15 Dec 2015

No licence but rescue pilot was 'only option left'

9:35 am on 15 December 2015

A stalwart of the rescue industry says the helicopter pilot who flew, while his licence was suspeded, to the rescue of a hunter should not have been charged with breaking civil aviation rules.

Dave Armstrong, left, with Scott Lee, the hunter he rescued, outside court today.

Dave Armstrong, left, with Scott Lee, the hunter he rescued, outside court today. Photo: RNZ / Sally Murphy

Dave Armstrong was convicted and fined nearly $6000 yesterday after coming to the aid of Scott Lee, who was not expected to make it through the night in dense bush near Kaikoura last April.

Former Aviation Industry Association president John Funnell - who has been in aviation for 49 years and has an MBE in recognition of his contribution to search and rescue - told Morning Report today that Mr Armstrong was "the only option left".

He said the official rescue helicopter had tried for two hours to get to Mr Lee, but failed because of adverse conditions and that as a local pilot, Mr Armstrong knew the area well and was able to find an alternative route.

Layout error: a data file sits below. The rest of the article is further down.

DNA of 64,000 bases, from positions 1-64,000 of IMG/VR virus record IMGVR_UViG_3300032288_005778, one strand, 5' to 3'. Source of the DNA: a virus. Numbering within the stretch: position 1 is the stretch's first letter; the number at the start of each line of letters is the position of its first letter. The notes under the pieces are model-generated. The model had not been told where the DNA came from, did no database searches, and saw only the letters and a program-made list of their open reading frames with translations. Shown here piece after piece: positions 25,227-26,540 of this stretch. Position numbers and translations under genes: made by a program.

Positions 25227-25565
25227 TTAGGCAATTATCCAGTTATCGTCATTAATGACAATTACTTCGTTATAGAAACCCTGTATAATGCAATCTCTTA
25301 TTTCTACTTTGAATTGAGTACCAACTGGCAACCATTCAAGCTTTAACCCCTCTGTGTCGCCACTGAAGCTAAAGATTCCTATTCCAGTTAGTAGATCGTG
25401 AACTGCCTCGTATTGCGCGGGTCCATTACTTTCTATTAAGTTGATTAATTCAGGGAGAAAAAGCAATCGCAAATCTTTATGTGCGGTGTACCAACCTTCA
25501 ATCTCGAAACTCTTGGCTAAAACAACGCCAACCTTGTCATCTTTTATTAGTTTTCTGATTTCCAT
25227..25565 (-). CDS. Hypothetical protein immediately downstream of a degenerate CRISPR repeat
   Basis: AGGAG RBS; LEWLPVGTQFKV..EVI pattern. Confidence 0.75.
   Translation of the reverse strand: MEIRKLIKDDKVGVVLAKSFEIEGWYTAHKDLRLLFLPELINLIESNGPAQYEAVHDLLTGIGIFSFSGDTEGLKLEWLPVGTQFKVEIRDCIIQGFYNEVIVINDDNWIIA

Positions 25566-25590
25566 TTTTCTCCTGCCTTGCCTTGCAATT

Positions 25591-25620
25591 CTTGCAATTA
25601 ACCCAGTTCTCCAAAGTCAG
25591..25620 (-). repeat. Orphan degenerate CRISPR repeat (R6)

"He did save this man's life, and it's disappointing that the court didn't see it that way, and it's disappointing that Civil Aviation chose to lay charges."

Mr Funnell conceded that Mr Armstrong had been a repeat offender and flown multiple times without a medical certificate, but the legislation was flawed after it was changed to add new restrictions in 1996.

Mr Lee had fallen down a bluff in dense bush near Kaikoura, breaking his femur, in the April incident.

Armstrong dropped off a rescue team after another pilot failed to do so. He pleaded guilty in the Kaikoura District Court in October and sought a discharge without conviction.

Judge Tony Couch told Christchurch District Court yesterday there were options Armstrong could have taken other than flying that day.

He declined the discharge without conviction and fined the pilot nearly $6000 for including for flying without a medical certificate and inaccurately recording flight details.

A visibly upset Armstrong said the process had taken a huge toll on him and the end result was disappointing.